# Different Ways to Perform a Case-Sensitive Vlookup in Excel

In Excel datasets, sometimes you must have noticed, that there are many values in a table that are case-sensitive in nature. And if we want a particular type of value from our dataset, but unfortunately that value also has some duplicates, but with different case sensitivity, so here we need to search on the basis of case sensitivity. To make conditions worse, you only know one method to perform the search functions,i.e none other than VLOOKUP, and in nature, it is case-insensitive nature. What will you do? The only option to perform VLOOKUP in case of insensitivity is to optimize it using different methods.

But first, let us see how VLOOKUP is case-insensitive, by using an example: Now, let’s suppose we have this dataset of a company, and what we want, is how much “KaTy” has earned, and we only know the VLOOKUP function to perform it. So, applying VLOOKUP straightforward to find “KaTy” is not possible. Nonetheless, the output of applying VLOOKUP is going to be VLOOKUP will look for approximation, rather than going for an exact match.VLOOKUP will look for the first encountered value and will return it. This is a problem, as first, we want an exact match to the keyword provided, and second of all, we want it to search the whole range provided. So, we will use some methods and functions to meet these conditions.

VLOOKUP CASE SENSITIVE FORMULA:

To do the above task using a formula, we can use VLOOKUP’s embedded formulas,i.e on what range you want to find values, the keyword, or the numeric value to be found, etc. So, the formula for doing the above task will be:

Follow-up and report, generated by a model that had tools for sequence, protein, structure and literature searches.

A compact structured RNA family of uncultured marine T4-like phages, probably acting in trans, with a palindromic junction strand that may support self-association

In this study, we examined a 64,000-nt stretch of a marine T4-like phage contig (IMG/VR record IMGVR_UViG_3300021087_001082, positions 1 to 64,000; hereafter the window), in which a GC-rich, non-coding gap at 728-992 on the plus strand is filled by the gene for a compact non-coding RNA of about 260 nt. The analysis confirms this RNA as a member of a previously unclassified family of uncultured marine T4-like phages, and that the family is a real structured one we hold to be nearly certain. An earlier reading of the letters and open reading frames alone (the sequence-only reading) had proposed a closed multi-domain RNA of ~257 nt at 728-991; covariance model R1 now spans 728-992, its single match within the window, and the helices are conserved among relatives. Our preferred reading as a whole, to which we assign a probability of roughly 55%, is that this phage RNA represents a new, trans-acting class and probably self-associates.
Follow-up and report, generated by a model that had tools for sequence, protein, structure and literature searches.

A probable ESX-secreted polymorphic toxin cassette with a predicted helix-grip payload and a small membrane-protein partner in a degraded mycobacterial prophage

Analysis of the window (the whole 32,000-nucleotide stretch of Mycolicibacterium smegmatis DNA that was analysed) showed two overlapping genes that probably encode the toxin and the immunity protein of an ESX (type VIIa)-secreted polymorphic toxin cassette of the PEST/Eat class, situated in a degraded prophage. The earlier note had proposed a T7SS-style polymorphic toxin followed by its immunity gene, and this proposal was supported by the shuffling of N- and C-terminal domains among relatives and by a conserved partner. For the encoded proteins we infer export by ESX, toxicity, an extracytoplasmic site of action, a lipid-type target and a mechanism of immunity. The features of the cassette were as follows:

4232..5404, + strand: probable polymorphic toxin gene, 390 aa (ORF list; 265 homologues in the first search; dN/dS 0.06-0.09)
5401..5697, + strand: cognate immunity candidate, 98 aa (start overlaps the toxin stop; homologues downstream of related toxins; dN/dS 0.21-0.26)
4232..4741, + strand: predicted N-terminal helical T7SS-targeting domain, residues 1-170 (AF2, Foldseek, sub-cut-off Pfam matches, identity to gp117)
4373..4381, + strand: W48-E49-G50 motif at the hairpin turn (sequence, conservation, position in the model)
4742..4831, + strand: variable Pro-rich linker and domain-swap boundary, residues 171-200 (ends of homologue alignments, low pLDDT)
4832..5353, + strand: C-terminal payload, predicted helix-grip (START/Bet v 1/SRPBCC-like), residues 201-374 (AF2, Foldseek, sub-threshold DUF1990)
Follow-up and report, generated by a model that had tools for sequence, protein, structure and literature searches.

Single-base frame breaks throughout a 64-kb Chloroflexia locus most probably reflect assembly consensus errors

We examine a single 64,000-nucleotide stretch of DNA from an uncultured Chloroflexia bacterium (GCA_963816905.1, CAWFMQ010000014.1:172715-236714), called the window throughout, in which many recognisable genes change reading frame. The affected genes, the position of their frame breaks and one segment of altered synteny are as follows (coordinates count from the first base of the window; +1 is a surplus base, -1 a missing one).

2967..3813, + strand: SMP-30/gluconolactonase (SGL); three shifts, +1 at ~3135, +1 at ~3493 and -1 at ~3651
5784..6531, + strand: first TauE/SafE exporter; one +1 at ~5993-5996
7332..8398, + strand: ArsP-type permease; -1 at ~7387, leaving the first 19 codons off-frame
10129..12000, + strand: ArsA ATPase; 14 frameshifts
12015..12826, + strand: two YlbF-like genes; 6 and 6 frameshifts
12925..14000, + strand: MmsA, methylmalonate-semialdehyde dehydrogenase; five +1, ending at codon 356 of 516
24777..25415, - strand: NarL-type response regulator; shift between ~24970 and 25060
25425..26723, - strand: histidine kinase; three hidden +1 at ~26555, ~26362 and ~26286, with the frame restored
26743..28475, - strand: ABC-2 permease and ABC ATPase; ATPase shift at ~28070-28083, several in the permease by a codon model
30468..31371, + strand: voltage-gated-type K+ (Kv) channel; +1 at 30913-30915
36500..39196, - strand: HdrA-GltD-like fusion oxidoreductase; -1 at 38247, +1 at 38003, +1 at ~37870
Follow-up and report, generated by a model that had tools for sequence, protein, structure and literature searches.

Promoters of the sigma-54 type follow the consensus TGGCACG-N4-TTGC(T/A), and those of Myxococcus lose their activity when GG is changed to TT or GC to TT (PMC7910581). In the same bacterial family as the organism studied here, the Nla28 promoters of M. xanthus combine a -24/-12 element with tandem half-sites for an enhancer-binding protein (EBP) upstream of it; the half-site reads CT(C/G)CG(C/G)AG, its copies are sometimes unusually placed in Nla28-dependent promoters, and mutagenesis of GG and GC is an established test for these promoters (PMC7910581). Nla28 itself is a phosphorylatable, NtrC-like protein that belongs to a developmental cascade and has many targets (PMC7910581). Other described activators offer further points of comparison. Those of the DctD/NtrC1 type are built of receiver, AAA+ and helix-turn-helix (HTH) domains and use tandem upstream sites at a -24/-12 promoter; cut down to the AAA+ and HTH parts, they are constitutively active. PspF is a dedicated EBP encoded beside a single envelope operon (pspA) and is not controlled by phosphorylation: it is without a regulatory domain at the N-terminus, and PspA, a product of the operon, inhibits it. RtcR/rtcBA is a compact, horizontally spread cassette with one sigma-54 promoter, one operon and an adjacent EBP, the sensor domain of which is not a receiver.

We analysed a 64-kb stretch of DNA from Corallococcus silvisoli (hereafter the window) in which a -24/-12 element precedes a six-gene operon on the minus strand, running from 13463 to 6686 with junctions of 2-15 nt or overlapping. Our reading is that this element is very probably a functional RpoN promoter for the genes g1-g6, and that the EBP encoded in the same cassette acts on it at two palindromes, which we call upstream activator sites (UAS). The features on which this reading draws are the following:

`=VLOOKUP("KaTy",\$A\$2:\$B\$7,2)`

This will yield the same output table as obtained in the above example.It will search “KaTy” keyword in its default column,i.e column 1. The range for searching will be A2 to B7,i.e the whole dataset and the value for this keyword will be fetched from the 2nd column.

But, we want to make it case-sensitive by using some methods or some functions.

Here, we will use a virtual column,i.e known as a “Helper Column” in our formula, but technically, that column won’t be visible to us, as this helper function will be virtual in nature. Here, two functions, which are known as EXACT and CHOOSE are used. But first, let us apply the function and understand it part by part.

`=VLOOKUP(MAX(EXACT("KaTy",\$A\$2:\$A\$7)*(ROW(\$A\$2:\$A\$7))),CHOOSE({1,2},ROW(\$A\$2:\$A\$7),\$B\$2:\$B\$7),2,0)`

This will yield the following output: Now, these case-sensitive values, when called exclusively, will return separate values for each one of them, and not return 27 as redundant data every time. But, how did this formula worked? Let’s understand it part by part:

• EXACT(“KaTy”,\$A\$2:\$A\$7)–Exact always creates a boolean array, which will store true, whenever there is an exact carbon copy match of a given keyword in a given range, which in this case, is A2 TO A7.So, the array for this case will look like
`{ FALSE;FALSE;TRUE;FALSE;FALSE;FALSE}`
• (EXACT(“KaTy”,\$A\$2:\$A\$7)*(ROW(\$A\$2:\$A\$7))–This method will multiply every boolean value of the above array, which was created by EXACT, and will multiply it with the row number of every cell from A2 TO A7. And, whenever the returned value is TRUE,it will put the row number of that entry in the same index, in the newly created array, and whenever the value is not matched, it will return 0. Keep in mind, that we are starting our range from A2,so row number 2 will be the initial searching row for us. Now, as row 4 contains “KaTy”, so the returned array will put number 4 in the 4th index of the newly created array. The array will look like this:
`{0;0;4;0;0;0}`
• (CHOOSE({1,2},ROW(\$A\$2:\$A\$7),\$B\$2:\$B\$7)–Here the real magic is done by CHOOSE function only. This function will also create an array, but that array will look different from the above arrays. This function will basically register the row number from every cell encountered in the 1st range, which is A2 TO A7 and will assign their corresponding values from the 2nd range, which is B2 TO B7. Here,{1,2} will signify each element’s nature,i.e how the values will be stored in the array. Each element will have the row number and corresponding to it, its value. So, the array will look like
`{2,16;3,27;4,6;5,18;6,32;7,11}`

Here you can see, we are giving this unique identification to every argument of the dataset, and their case sensitivity is also undertaken here.